Out went the three hours they spent weekly on counseling and self-esteem classes. In came more attention to the basics. Up went test scores. Last fall, 64% of the students passed. And self-esteem soared.
"Because the scores are better, kids feel better about themselves," said fourth-grade teacher Rhonda Holcomb.
'Warm Fuzzies' and Grade Inflation
For decades schools have embraced the idea that it worked the other way around. Unless the classroom was cozy and thick with "warm fuzzies"--an educational watchword--students wouldn't even try. That led to a variety of policies aimed at protecting children's feelings.
It also led to grade inflation, an emphasis on group work rather than individual effort, the elimination of valedictorians and even the dearth of spelling bees, critics say.
"There may have been a time when we should have given more attention to children's self-esteem, but the pendulum has swung way too far in the opposite direction," said Janine Bempechat of the Harvard Graduate School of Education, author of "Against the Odds," a book about how to raise student achievement among "at-risk" youths.
Now, more psychologists, such as Roy F. Baumeister of Case Western Reserve University in Cleveland, are declaring the self-esteem movement a fraud.
"It's time for people who have been claiming that improved self-esteem will improve performance to put up or shut up," said Baumeister, who has been studying self-esteem for two decades.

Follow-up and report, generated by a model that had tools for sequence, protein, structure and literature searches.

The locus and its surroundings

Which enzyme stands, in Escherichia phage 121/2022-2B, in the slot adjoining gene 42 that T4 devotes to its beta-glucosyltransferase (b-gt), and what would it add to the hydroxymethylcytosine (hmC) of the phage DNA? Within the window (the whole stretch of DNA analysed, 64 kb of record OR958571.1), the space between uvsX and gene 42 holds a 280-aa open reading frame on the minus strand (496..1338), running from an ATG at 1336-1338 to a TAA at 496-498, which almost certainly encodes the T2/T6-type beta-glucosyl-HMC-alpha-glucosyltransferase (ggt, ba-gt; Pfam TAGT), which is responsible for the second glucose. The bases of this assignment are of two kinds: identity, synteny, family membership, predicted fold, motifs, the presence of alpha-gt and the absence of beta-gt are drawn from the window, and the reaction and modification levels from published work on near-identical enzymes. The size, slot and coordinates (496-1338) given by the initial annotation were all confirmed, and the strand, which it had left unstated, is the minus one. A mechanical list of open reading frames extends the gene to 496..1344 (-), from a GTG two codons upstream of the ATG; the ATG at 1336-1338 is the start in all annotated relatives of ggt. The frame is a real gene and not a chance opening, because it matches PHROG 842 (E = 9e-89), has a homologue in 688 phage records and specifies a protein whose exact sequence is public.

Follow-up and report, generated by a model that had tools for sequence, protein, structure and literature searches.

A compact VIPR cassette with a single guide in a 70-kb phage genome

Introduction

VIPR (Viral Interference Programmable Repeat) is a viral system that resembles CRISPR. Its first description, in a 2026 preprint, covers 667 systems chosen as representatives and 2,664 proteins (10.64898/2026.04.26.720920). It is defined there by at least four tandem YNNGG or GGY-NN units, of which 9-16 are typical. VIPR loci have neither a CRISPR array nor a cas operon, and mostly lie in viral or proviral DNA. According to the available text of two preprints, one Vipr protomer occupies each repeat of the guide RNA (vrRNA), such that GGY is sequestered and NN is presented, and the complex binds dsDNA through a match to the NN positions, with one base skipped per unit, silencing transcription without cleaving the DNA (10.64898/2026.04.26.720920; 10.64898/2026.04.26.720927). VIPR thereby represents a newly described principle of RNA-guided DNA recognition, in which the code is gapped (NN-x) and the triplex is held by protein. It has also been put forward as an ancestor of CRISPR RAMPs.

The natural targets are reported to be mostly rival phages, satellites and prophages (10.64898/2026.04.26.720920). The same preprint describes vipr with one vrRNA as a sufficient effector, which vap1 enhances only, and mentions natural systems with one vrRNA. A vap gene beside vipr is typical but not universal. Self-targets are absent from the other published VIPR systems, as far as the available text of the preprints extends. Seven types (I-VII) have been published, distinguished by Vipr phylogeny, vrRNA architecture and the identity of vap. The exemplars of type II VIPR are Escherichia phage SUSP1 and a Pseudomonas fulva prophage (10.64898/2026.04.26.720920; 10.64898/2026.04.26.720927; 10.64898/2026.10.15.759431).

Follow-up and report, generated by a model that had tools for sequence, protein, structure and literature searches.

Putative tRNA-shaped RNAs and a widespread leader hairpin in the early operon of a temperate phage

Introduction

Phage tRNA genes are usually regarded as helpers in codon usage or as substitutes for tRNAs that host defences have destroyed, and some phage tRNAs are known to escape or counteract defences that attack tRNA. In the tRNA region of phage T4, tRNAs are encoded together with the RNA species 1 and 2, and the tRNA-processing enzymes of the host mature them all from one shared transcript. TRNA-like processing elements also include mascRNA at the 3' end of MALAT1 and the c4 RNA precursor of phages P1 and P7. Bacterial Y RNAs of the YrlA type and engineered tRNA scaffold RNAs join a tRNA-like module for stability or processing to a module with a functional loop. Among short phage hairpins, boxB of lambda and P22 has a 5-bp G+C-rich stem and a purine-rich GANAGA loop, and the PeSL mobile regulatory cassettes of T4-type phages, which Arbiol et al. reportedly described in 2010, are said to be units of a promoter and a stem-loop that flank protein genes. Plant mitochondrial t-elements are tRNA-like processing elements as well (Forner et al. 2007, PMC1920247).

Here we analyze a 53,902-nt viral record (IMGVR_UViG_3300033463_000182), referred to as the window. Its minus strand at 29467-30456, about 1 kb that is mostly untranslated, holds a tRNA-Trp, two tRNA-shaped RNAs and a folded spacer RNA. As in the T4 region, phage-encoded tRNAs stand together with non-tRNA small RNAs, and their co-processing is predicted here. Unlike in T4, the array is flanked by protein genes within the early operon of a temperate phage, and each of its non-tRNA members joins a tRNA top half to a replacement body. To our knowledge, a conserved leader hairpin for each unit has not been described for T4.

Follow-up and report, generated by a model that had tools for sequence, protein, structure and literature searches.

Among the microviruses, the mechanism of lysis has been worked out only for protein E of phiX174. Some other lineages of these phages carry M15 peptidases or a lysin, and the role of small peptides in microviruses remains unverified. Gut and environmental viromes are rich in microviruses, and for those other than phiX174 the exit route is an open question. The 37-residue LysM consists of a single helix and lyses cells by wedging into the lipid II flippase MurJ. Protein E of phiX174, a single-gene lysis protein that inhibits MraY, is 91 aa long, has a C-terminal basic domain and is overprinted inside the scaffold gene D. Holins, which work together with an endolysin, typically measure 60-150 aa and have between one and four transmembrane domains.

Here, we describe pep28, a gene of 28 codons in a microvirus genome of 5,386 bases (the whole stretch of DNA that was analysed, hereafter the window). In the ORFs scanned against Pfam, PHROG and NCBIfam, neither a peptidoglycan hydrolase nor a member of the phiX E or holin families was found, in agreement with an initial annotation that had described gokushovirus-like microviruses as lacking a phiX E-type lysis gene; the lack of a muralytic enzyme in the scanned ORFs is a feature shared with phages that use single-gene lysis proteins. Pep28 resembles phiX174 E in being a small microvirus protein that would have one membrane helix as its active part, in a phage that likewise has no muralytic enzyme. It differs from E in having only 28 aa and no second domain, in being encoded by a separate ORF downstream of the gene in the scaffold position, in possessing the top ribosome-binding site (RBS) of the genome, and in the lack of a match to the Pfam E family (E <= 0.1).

Last year, Baumeister, with co-author Brad Bushman of Iowa State University, published the results of a new study that questions one of the most basic arguments of self-esteem advocates--that having good self-esteem makes a person kinder to others.
The study gave its test subjects the opportunity to blast faceless foes they felt had wronged them with a dose of high-decibel noise. The study concluded that there was no relationship whatsoever between individuals' views of themselves and their treatment of others.
All of this has forced the proponents of self-esteem into an uncomfortable and unfamiliar posture--defensiveness.
"There's a lot of programs out there that are crap and that are calling themselves 'self-esteem,' " said J.D. Hawkins, a school counselor in Normal, Ill., who is the incoming president of the National Assn. of Self-Esteem.
Bad programs focus on telling kids they should feel good although they "cannot read, write or spell or act in socially and morally responsible ways," according to an article on the association's Web site.